Meditation and Reflection

The martyrdom of Thomas Becket


On this day in 1170 Thomas Becket, Archbishop of Canterbury, was murdered by the knights of King Henry II in Canterbury Cathedral. It was muddled politics and religion – the ages-old conflict between the temporal principalities and the spiritual powers. The Archbishop was concerned with the historic integrity and legal privileges of the Church; the King with the political autonomy and jurisdiction of the State. This King Henry of England sought the submission of the clergy and pursued sovereign self-government from Rome some four centuries before that later King Henry of England. And this Archbishop Thomas of Canterbury was a harbinger of that later Archbishop Thomas of Canterbury who was also martyred for his defence of the Church and the purity of the Faith.

One contemporary account of the martyrdom eath of Thomas Becket is recorded thus:

The wicked knight leapt suddenly upon him, cutting off the top of the crown which the unction of sacred chrism had dedicated to God. Next he received a second blow on the head, but still he stood firm and immovable. At the third blow he fell on his knees and elbows, offering himself a living sacrifice, and saying in a low voice, ‘For the name of Jesus and the protection of the Church, I am ready to embrace death.’ But the third knight inflicted a terrible wound as he lay prostrate. By this stroke, the crown of his head was separated from the head in such a way that the blood white with the brain, and the brain no less red from the blood, dyed the floor of the cathedral. The same clerk who had entered with the knights placed his foot on the neck of the holy priest and precious martyr, and, horrible to relate, scattered the brains and blood about the pavements, crying to the others, ‘Let us away, knights; this fellow will arise no more.

One contemporary account of the martyrdom of Thomas Cranmer is recorded thus:

Coming to the stake with a cheerful countenance and willing mind, he put off his garments with haste, and stood upright in his shirt: and bachelor of divinity, named Elye, of Brazen-nose college, labored to convert him to his former recantation, with the two Spanish friars. And when the friars saw his constancy, they said in Latin to one another “Let us go from him: we ought not to be nigh him: for the devil is with him.” But the bachelor of divinity was more earnest with him: unto whom he answered, that, as concerning his recantation, he repented it right sore, because he knew it was against the truth; with other words more. Whereby the Lord Williams cried, “Make short, make short.” Then the bishop took certain of his friends by the hand. But the bachelor of divinity refused to take him by the hand, and blamed all the others that so did, and said, he was sorry that ever he came in his company. And yet again he required him to agree to his former recantation. And the bishop answered, (showing his hand), “This was the hand that wrote it, and therefore shall it suffer first punishment.” Fire being now put to him, he stretched out his right hand, and thrust it into the flame, and held it there a good space, before the fire came to any other part of his body; where his hand was seen of every man sensibly burning, crying with a  loud voice, “This hand hath offended.” As soon as the fire got up, he was very soon dead, never stirring or crying all the while.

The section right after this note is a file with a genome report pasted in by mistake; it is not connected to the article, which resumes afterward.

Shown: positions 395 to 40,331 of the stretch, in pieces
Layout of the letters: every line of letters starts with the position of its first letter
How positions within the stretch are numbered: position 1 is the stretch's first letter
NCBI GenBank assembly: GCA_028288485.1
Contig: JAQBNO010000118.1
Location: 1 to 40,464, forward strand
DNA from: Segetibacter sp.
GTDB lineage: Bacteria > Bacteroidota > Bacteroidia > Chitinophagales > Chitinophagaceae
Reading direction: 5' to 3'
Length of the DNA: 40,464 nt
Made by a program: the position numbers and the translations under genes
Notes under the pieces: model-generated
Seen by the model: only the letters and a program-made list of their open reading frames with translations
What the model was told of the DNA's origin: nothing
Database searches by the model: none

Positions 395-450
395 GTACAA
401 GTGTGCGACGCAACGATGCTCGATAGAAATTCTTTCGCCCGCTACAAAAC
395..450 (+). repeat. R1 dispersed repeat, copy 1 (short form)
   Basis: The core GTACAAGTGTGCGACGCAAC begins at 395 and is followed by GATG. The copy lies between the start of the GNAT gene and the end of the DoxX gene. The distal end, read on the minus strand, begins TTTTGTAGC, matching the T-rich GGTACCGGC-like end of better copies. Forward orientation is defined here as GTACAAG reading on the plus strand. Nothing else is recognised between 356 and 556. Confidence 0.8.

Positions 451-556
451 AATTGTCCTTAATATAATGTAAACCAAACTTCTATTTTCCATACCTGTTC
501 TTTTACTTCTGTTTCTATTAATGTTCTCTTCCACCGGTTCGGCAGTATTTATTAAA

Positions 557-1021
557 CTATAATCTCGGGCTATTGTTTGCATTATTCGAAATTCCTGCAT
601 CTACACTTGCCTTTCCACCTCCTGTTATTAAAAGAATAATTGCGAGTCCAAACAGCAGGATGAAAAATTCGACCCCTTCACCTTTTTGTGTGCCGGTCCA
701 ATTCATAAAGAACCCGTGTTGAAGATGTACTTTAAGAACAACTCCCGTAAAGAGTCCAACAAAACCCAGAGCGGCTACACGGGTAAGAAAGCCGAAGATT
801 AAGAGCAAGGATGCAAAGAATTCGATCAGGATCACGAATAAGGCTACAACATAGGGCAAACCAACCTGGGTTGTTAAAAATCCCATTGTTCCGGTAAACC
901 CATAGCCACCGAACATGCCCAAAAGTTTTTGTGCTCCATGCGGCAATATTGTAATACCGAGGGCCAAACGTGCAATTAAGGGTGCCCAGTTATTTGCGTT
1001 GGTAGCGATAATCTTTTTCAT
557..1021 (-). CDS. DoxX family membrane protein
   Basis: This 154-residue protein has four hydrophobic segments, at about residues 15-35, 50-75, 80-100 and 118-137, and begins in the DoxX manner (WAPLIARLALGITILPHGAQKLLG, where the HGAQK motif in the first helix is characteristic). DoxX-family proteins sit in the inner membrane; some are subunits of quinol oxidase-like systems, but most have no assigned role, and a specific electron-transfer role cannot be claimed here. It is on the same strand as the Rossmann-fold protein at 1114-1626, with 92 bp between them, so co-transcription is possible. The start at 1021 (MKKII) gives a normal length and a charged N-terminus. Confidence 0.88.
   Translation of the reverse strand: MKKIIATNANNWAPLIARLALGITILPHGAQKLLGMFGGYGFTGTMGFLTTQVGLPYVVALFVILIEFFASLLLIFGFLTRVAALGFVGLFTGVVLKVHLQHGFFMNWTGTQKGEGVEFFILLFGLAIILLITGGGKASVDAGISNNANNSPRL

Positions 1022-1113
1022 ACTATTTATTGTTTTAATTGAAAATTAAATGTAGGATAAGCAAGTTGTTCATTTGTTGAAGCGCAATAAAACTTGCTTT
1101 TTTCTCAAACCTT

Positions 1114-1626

These are the austere endings of faithful servants of God. High-handed kings still affirm their notions of secular power, and meddlesome priests still seek to assert their notions of Christian virtue. We may wrap it up in the Royal Prerogative and characterise it as Erastian, and protests over the power of secular courts may have become the interrogation of Wonga and the provocation of foodbanks. But out of the confused mass of religio-political murkiness, the English Church-State settlement has bequeathed three centuries of political peace and incremental happiness, and archbishops of Canterbury still do what only archbishops of Canterbury can.

We do not live in an ideal world, and God is bound by the constraints of His creation. All that we have in the holy reality of the witness of the saints, and they – we – are charged to act in faith and to speak the truth, in season and out. Sometimes believers are called to die at the hands of men, and archbishops are not exempt from that calling. But they follow One who also died at the hands of men, and His greatest torment was the abandonment of the Father. To be murdered in a cathedral is to die at the holy altar in the House of God: to hang on a cross is to shiver and quail in the agony of God-forsakenness.

Christians killing Christians is the open wound of the Church. We used to do it with swords and flames; now we do it with unholy bickering and profane words. We used to erect shrines and commemorate liturgical cults; now we honour bitterness and sanctify devotion to division. You may think Thomas Becket was righteously killed for his subversive political activities. You may think Thomas Cranmer was righteously killed for his subversive theological heresies. But religion and politics were confused and conflated: those who perished did so as faithful disciples of the One who hung on a cross. In the spirit of ecumenical grace, the least we can do is honour the courage and sacrifice of those who died for their sincerely-held beliefs, for they can still move hearts, change minds, and speak to this generation of what it is to be really Christian.